I doubt it's "can't be bothered" as you well know T.

Its a question of throughput.

Like you, I'd prefer to spend weeks socializing. Then of course you are in a dilemma as to what to do for the ones that are inbetween feral and pet. Do you spend months trying to find someone who is prepared to cope with it or do you send it off from a life of pampering to that of a farm cat.

CP will also spay/abort until 7/8 weeks. Again very controversial but again it means that a cat can be homed in a week as opposed to 10 weeks (and reduces the numbers of kittens ).

It's that old debate of do we do whats best for the individual cat or the cat popuation overall.

Us smaller rescues go by individual animal but its a luxury I don't think the larger rescues always have with so much demand.

I'd always vote for an early human neutering campaign...

Offline SamMewl

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Re: Early neutering
« Reply #4 on: March 31, 2012, 16:30:20 PM »
I'm of the opinion that any feral kitten caught below 10 weeks should go to foster and not be released as they have every chance of becoming a happy house cat - a much easier and better life than living rough. Although there is obviously going to be a problem with that if Mum is feral and if feral rescues only have the resources for TNR then at least if everything is neutered the colony wont grow larger than the resources available to it. 4 weeks does seem very early to me too but regarding our kittens, the ones we neuter at 11 weeks really do find it much easier to get over than the adults. When they come back from the vets they are lively and playful as soon as they are back here, even females whereas adults are usually a bit groggy for a day or two. We have found no increase in problems associated with neutering with kittens compared to adults.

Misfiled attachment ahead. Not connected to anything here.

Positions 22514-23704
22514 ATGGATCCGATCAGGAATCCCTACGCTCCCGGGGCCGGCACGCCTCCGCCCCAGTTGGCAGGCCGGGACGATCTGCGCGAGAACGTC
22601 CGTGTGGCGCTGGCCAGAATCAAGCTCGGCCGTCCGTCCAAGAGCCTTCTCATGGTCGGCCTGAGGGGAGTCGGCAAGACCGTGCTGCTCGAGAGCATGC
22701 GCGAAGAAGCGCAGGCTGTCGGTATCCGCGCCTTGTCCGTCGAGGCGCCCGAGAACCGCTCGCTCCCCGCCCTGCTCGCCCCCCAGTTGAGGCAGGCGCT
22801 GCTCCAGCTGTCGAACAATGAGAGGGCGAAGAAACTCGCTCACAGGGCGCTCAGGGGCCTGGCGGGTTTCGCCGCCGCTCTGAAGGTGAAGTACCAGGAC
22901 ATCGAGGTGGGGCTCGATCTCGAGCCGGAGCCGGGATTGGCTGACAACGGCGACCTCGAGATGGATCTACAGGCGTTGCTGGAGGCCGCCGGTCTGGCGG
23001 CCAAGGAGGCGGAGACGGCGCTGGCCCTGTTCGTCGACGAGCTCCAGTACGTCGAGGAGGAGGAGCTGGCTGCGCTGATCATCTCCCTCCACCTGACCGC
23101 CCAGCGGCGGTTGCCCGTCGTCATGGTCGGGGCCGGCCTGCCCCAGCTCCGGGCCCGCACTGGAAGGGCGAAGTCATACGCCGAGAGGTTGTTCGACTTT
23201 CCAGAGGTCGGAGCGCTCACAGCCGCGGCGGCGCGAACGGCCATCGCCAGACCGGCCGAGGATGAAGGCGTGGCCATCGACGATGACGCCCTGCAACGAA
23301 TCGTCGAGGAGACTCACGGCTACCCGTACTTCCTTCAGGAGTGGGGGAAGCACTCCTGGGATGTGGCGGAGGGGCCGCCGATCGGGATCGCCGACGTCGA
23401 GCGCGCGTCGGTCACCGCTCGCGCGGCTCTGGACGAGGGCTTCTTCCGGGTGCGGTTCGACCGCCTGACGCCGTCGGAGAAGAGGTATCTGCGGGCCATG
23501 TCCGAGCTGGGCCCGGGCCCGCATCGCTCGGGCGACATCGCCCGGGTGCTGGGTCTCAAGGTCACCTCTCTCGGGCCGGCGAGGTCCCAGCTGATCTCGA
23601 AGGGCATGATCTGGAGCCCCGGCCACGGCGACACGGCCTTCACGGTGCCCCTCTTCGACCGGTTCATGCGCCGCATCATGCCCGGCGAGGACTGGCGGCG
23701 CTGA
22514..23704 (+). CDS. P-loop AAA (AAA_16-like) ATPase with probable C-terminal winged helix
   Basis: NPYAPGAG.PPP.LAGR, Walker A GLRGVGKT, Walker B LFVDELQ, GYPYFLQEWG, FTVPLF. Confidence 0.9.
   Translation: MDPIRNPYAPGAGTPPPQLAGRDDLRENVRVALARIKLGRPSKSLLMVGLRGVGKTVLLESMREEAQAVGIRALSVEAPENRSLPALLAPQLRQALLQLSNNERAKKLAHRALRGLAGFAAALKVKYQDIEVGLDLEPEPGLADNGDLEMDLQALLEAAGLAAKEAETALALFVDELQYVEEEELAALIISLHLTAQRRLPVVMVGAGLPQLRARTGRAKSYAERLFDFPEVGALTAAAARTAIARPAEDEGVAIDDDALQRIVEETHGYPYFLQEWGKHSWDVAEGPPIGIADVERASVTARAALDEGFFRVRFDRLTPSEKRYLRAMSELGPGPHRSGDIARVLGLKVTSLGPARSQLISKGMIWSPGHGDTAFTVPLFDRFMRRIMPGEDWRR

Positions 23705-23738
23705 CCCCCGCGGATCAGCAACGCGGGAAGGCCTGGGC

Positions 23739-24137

The is some debate on the possible positive and negative health risks but so far the only difference studies have found is that early neutering can actually slightly reduce the possibility of mammarian cancer in females and there has been no difference in behaviour found between late and early neutered cats.

We re-home a lot of kittens and we rely mainly on volunteers so we don't have a lot of resources for following up cats. If you are able to as you do Teresa then I can understand why it would not be a priority.